Why I deleted my LinkedIn profile

For a time so long that I can’t even remember, I’ve had a LinkedIn profile. For anyone who has one, you know why you do: someone you know signed up, they sent out an email to connect with you, you check it out and thought, “Why not?”, signed up, and since then you’ve amassed “connections”. Naturally, the argument would be, “Why not just keep your profile as it doesn’t do any harm?” That’s a reasonable argument, but at the same time, in today’s digital world, mere presence is harm.

As a web developer, writer, photographer, and a whole bunch of other things that are promoted and used in an online setting, I am with an overabundance of digital identity, most of which I don’t need and try to trim whenever I can. I remember back in 1996 when, if one had ww2.raccoonhost.com/pro/~lord64 for your personal webpage it was considered a digital coup d’etat. These days, it’s just detritus. We’re at a point now where we need to hone what we have online. To a large extent, Facebook has allowed for this by allowing a controlled, personal space wherein you can share what you want–your private web if you will.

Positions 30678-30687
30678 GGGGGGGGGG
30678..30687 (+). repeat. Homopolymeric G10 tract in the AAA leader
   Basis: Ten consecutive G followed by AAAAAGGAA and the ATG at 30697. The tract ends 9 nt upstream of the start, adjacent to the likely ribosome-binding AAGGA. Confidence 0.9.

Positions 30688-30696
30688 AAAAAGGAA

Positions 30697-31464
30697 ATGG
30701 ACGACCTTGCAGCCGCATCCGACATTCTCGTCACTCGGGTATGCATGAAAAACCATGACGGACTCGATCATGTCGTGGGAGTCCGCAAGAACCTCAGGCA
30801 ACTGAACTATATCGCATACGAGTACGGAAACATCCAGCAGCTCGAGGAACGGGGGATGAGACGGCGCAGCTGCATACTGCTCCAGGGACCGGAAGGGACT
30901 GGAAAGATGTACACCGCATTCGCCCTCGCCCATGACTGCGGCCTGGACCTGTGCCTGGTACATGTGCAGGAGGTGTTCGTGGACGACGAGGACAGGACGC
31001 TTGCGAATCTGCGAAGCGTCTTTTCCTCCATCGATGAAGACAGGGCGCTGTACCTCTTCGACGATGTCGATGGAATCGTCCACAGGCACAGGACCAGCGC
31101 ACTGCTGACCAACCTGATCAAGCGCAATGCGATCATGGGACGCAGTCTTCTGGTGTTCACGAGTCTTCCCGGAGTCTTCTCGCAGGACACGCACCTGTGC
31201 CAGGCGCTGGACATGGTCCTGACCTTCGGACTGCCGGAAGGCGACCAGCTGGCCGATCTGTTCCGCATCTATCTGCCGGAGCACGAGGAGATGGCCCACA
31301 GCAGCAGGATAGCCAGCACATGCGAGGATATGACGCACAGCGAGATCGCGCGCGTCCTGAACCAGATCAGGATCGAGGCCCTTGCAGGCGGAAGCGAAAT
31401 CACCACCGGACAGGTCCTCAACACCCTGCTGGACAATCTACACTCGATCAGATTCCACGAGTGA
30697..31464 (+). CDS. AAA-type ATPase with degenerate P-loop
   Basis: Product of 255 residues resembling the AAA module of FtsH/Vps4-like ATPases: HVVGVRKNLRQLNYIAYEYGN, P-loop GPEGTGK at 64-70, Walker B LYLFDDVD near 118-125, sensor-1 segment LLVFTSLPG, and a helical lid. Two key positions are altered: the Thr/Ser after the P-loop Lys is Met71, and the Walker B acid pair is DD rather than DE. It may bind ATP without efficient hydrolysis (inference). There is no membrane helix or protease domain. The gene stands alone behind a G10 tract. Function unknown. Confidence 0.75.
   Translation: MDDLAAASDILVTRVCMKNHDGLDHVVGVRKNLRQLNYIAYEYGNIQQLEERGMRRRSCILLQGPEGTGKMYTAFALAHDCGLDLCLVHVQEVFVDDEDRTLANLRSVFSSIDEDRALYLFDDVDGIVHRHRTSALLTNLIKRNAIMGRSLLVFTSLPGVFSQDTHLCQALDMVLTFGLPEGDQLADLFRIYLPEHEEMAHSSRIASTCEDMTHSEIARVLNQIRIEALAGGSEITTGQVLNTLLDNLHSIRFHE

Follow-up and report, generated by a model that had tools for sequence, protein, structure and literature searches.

I still do use Facebook and won’t delete that profile despite how much I despise how they conduct themselves. The benefit to my projects and clients is enough that I’m forced to keep my account around. It’s a lot like the issue surrounding coltan. It may be all kinds of bad, but if I’m to exist in the modern world, in my profession, I’m forced to use it, albeit with it a not easy-to-find profile unless I point someone directly at it. (Update: killed it off too)

The same can’t be said of LinkedIn. I get nothing out of this site, yet it is the 10th or 12th result when searching for my name. I don’t need that. I’d much rather that projects I feel proud of were associated with my name. I don’t want some online resume (that I don’t keep up-to-date) to be what people judge me by. I have an online resume as a webpage that I can send out if someone really needs to see it. I’m not trying to hide anything, but more wanting to make what is publicly known of me in the digital spheres to be as relevant as possible.

On the one hand, it’s somewhat gossip-worthy to see someone you know suddenly want to connect, which means that they’re out of work, especially if they change their job title to “consultant”. But then there’s the face that beyond cheesy promotions I will not now nor ever in the future get employment or value from my LinkedIn profile. No one will. The sheer mass of profiles on the site make it impossible for anyone hiring to truly find candidates and honestly, if I were notable enough to stand out on LinkedIn, you wouldn’t need LinkedIn to find me. In other words, with my LinkedIn profile now deleted, the web-at-large will work just fine, thank you very much.

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